Faith and works. Being and doing. They must be held together, and inform each other. "Do-be-do-be-do" isn't just a phrase from Frank Sinatra. It is a reminder about interconnecting works and faith, actions and understanding.
What can we do? At some level, the thing we need to "do" is to change our sense of identity. We need to pay attention to matters of faith and values. We need to take the time and the prayerful attention that will allow us to see a very different way of being. That is a hard task, emotionally as well as intellectually.
It is hard to spend time in an awareness of the Earth's deep distress without doing something. It is painful to witness this suffering without acting immediately.
But when we are dealing with such deep-seated problems as the exploitative, unsustainable, unjust way of Empire, we need to steep ourselves in the problems and the suffering as a way of coming to understanding. If we move too quickly into doing, we may never be called into a very different way of being.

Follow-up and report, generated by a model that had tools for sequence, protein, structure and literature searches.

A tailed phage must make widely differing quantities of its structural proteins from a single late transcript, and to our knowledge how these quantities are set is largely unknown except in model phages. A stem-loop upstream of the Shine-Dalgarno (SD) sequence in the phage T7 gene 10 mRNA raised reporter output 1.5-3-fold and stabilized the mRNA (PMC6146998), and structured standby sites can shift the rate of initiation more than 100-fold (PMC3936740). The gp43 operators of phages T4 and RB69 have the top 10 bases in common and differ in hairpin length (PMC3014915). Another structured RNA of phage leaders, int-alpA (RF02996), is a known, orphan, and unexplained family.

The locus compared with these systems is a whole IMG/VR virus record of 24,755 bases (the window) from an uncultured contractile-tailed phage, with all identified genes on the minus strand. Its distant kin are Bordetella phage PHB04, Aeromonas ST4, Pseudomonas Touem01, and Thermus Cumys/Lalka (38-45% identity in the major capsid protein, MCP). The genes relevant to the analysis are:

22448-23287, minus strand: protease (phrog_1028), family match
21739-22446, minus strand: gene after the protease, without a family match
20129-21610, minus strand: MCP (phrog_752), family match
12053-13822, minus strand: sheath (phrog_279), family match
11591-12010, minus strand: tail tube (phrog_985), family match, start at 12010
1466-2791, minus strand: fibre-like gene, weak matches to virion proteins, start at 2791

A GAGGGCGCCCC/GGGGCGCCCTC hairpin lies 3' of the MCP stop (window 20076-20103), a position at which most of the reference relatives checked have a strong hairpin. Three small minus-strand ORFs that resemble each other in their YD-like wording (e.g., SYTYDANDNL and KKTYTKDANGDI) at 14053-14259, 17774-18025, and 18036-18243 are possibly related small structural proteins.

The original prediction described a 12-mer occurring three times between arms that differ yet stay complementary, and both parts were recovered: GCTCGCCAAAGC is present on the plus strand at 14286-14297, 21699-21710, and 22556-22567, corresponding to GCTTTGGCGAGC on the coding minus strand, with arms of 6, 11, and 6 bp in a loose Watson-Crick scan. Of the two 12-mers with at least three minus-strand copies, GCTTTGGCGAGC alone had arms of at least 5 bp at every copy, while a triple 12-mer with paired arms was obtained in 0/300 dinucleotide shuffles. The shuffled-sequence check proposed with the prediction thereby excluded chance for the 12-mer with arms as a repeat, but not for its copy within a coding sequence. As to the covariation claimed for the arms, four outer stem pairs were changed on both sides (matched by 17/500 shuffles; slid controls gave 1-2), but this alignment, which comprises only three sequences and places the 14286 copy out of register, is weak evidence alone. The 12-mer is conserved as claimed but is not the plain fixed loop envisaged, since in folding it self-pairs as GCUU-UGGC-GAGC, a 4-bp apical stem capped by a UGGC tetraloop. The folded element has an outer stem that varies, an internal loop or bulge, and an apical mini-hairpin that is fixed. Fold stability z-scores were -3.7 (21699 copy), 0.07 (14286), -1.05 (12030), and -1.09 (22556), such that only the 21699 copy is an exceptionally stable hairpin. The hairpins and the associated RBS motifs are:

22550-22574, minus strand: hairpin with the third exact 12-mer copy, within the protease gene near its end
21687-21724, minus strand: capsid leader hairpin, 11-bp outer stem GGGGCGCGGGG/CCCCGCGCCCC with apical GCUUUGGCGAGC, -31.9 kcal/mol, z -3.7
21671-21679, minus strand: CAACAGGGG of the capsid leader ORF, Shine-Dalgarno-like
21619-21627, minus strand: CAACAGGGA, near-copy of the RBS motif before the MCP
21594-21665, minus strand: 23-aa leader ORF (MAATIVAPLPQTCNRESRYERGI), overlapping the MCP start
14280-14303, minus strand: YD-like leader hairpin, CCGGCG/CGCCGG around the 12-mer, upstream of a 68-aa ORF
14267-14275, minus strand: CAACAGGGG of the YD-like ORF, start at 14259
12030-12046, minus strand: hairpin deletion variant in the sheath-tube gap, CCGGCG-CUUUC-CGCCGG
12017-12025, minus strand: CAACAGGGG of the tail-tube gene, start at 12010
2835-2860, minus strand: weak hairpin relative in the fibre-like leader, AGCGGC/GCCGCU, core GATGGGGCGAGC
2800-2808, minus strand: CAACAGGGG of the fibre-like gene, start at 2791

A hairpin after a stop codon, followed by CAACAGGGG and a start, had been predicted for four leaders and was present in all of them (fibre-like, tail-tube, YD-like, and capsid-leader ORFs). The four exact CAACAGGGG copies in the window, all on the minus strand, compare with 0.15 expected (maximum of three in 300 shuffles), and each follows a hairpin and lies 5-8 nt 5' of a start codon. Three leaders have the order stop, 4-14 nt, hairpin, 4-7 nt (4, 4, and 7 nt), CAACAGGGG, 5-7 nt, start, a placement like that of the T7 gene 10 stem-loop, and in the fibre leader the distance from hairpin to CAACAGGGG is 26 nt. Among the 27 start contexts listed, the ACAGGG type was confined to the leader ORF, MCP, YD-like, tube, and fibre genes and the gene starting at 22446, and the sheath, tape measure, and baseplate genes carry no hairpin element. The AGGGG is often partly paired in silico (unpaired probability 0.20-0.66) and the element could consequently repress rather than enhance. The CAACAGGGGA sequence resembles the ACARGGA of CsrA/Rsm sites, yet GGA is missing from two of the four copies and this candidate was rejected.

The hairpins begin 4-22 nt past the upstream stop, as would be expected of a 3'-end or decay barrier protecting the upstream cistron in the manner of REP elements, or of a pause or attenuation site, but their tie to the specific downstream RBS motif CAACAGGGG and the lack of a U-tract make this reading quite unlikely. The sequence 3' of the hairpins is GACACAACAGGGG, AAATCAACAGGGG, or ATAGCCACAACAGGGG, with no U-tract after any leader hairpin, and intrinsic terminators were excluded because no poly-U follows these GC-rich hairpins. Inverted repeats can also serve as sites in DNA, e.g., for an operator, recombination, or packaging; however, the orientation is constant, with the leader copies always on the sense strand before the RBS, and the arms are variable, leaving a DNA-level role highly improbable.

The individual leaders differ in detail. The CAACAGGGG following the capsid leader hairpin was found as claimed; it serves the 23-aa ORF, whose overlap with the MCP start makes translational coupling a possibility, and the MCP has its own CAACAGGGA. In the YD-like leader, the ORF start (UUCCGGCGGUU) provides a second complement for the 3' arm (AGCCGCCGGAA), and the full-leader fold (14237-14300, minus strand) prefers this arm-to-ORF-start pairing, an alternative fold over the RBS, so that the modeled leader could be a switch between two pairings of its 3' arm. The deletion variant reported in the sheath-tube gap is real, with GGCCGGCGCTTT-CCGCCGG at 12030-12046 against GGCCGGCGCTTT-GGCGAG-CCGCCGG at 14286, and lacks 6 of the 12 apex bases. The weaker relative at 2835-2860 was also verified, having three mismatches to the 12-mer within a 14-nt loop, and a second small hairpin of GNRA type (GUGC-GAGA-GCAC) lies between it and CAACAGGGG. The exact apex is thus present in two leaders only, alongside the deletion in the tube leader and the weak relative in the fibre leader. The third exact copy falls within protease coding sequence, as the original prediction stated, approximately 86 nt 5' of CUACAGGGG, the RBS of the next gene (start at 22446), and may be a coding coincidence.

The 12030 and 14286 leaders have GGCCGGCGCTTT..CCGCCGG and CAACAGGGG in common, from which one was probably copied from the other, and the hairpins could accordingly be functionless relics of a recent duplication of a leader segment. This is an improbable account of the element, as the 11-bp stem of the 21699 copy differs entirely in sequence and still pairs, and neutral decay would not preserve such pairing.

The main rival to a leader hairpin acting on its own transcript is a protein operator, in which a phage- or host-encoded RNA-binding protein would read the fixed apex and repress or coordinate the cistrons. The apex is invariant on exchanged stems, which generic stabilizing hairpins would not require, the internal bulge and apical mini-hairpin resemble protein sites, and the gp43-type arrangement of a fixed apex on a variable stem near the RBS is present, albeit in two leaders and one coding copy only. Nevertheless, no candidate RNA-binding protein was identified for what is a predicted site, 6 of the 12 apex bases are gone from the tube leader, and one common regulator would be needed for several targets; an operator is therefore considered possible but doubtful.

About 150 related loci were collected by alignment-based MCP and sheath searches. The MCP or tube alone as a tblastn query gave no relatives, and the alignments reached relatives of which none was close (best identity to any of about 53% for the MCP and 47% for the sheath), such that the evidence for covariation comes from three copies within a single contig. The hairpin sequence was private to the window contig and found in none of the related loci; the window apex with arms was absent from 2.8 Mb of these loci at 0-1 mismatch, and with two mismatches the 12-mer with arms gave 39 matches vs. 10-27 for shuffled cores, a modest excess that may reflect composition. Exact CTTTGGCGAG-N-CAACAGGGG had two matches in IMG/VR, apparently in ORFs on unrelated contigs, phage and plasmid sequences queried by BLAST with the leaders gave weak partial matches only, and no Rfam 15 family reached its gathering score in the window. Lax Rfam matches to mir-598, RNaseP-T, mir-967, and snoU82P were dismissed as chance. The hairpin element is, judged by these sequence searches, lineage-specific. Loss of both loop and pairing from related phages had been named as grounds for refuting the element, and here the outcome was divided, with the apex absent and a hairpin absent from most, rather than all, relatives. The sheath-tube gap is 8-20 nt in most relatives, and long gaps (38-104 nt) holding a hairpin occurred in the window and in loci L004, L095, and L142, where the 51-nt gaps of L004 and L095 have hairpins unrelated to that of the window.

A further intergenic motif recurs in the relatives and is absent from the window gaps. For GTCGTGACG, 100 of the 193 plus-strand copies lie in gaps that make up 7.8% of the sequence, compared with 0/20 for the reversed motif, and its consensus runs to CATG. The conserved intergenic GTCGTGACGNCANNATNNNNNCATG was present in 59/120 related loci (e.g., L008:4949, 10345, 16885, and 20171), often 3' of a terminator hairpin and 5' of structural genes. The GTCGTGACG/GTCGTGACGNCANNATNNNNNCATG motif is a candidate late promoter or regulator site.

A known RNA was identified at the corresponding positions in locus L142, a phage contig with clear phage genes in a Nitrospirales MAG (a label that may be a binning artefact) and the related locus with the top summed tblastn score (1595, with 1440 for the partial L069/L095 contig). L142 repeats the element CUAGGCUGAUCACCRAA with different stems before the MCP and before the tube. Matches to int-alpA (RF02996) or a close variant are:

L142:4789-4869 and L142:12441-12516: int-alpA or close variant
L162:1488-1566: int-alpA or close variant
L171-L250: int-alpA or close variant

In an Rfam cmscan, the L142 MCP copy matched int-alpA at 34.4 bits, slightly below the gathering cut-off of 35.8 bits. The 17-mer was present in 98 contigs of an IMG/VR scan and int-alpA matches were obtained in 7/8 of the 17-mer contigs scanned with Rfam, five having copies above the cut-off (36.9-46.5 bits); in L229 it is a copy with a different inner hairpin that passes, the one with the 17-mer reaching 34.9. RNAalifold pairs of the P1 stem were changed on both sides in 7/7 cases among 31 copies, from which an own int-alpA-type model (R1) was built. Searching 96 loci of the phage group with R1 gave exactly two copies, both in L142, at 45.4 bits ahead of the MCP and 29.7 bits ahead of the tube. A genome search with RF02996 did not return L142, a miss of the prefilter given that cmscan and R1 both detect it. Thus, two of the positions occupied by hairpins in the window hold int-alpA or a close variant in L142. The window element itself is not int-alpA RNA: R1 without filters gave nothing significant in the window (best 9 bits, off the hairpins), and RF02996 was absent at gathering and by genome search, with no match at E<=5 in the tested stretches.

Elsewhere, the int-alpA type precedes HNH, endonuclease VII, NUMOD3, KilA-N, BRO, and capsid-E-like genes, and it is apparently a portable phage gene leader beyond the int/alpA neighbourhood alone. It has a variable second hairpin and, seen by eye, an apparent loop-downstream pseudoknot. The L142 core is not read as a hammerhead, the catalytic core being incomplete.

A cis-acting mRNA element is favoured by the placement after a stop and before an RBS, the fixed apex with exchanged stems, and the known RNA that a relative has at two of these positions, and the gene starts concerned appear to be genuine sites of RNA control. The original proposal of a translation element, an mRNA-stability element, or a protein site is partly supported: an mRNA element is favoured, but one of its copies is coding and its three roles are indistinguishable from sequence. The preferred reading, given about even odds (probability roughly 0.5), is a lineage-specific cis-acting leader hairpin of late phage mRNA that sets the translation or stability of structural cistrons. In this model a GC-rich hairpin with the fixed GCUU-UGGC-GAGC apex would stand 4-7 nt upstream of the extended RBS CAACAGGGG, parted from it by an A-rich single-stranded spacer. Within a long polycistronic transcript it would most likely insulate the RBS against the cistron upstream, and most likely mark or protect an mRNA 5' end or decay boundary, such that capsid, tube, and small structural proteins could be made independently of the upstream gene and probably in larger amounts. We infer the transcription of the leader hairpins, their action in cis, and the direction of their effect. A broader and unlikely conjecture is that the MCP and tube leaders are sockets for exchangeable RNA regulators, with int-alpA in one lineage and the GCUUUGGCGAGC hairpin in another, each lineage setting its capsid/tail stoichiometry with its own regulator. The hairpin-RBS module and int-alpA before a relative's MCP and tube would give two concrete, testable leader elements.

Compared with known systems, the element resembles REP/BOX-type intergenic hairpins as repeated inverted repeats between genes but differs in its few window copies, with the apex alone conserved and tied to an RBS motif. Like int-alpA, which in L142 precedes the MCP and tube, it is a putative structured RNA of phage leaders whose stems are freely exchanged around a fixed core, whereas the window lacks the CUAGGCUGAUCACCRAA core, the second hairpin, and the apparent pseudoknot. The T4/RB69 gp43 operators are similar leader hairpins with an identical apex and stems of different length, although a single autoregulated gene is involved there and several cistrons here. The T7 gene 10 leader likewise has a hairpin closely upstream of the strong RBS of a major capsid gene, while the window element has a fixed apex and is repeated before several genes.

This week's Earth Summit comes two decades after the dramatic Rio conference of 1992, and four decades after the first UN environmental conference in 1972. Even with scant media attention, this has been an occasion for people around the planet to lift up our love of the Earth, and to name the problems of our local and global environment. It is a chance to celebrate the accomplishment of some good and important things -- in laws and technology and behaviors -- and to be honest in naming the ever-deepening crisis.
Decades of international conferences have not resolved the deep matters that drive ecological collapse. We have not yet come to see ourselves as part of the Earth community. We still crave "growth" and wealth. We still think look to solutions in technology and control over nature, instead of in changing our own sense of identity. And so the problems continue to swell, despite our many actions.
During the Earth Summit, and far beyond it, may we have the courage to deal with both doing and being. May our actions be an expression of beliefs and values that have been thoroughly examined and affirmed. For it is only when our doing and being are in close connection that we will find genuine new directions.